Report Details Youth Mental Health Challenges

January 17, 2023 2:44 PM | Anonymous

From Wisconsin Health News

Thirty-four percent of Wisconsin students report feeling sad and hopeless almost every day, a 10 percentage point increase over the past decade, according to an annual report released Friday by the Office of Children’s Mental Health. 

Children’s sense of belonging in school is dropping. And kids are reporting “alarming rates of mental and emotional distress,” with female and LGBTQ+ students reporting “especially bleak feelings,” said Amy Marsman, senior research analyst at the Office of Children's Mental Health. 

“Wisconsin is going in the wrong direction in these areas,” Marsman said at a briefing. 

The office's report presents data on 40 different clinical, social, economic and individual health factors, with most data from 2021 or 2022. 

Compared to five years ago, bullying and the teen birth rate have declined. The number of school social workers, school counselors and school psychologists has increased, largely due to investments by the Legislature and Gov. Tony Evers, Marsman said. 

“This is a great step forward,” Marsman said.

Office Director Linda Hall said one of their focuses in the coming year will be on "youth voice."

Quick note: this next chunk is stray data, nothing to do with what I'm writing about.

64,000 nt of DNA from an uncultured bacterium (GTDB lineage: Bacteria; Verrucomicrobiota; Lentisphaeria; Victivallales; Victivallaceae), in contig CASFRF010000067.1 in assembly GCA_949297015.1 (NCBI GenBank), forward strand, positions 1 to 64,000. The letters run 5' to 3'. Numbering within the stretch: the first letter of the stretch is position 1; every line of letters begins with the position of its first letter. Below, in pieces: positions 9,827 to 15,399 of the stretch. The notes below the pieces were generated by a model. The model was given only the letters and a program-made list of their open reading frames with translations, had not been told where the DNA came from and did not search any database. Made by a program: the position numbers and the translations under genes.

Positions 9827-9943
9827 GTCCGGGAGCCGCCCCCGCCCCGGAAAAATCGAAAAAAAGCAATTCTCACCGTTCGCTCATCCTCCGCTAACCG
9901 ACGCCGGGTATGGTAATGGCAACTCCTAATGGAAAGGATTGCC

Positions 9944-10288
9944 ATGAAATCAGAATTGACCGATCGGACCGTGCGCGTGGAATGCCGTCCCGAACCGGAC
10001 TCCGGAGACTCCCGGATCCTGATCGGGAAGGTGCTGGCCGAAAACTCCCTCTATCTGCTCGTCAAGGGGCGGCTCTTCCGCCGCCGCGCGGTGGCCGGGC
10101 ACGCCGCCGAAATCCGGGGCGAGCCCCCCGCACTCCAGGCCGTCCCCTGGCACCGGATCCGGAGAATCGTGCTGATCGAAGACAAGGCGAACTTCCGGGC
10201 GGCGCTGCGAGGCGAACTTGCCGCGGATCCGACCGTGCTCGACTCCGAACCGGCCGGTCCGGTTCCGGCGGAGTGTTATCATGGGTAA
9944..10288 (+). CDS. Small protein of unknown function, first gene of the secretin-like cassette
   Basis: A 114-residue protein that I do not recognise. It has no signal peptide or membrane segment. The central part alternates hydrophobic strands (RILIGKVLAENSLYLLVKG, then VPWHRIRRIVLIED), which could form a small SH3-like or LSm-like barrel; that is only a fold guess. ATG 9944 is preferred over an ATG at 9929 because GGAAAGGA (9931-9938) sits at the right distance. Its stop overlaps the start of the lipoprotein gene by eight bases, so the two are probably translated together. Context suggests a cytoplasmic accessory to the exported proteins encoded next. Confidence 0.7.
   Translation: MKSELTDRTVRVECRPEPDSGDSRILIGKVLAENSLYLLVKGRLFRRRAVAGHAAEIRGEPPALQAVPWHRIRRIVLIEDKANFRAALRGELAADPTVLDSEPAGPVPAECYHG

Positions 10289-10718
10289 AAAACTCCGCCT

“Because we know that youth have good ideas about how to address this youth mental health crisis, we intend to be listening to them more,” she said. 

They’ll also be working to find ways of increasing kids' social connectedness, like supporting efforts that invest in school mental health services, making school climates more welcoming, reducing family stress and boosting the availability of culturally sensitive mental health professionals. 

Ava Pellegrino, a student at Mukwonago High School, said anxiety and depression are part of many young people's daily experiences. She called on lawmakers to support mental health programming in schools.

The COVID-19 pandemic pushed many to seek help they need, but the mental healthcare system is now overwhelmed, she said.

“Provider shortages statewide — with some counties having less than 10 providers — is to me a pandemic within a pandemic,” Pellegrino said. “We, as a society, need to prepare ourselves for what is to come, to be able to support the influx that has come from the COVID pandemic, to support those in need.”

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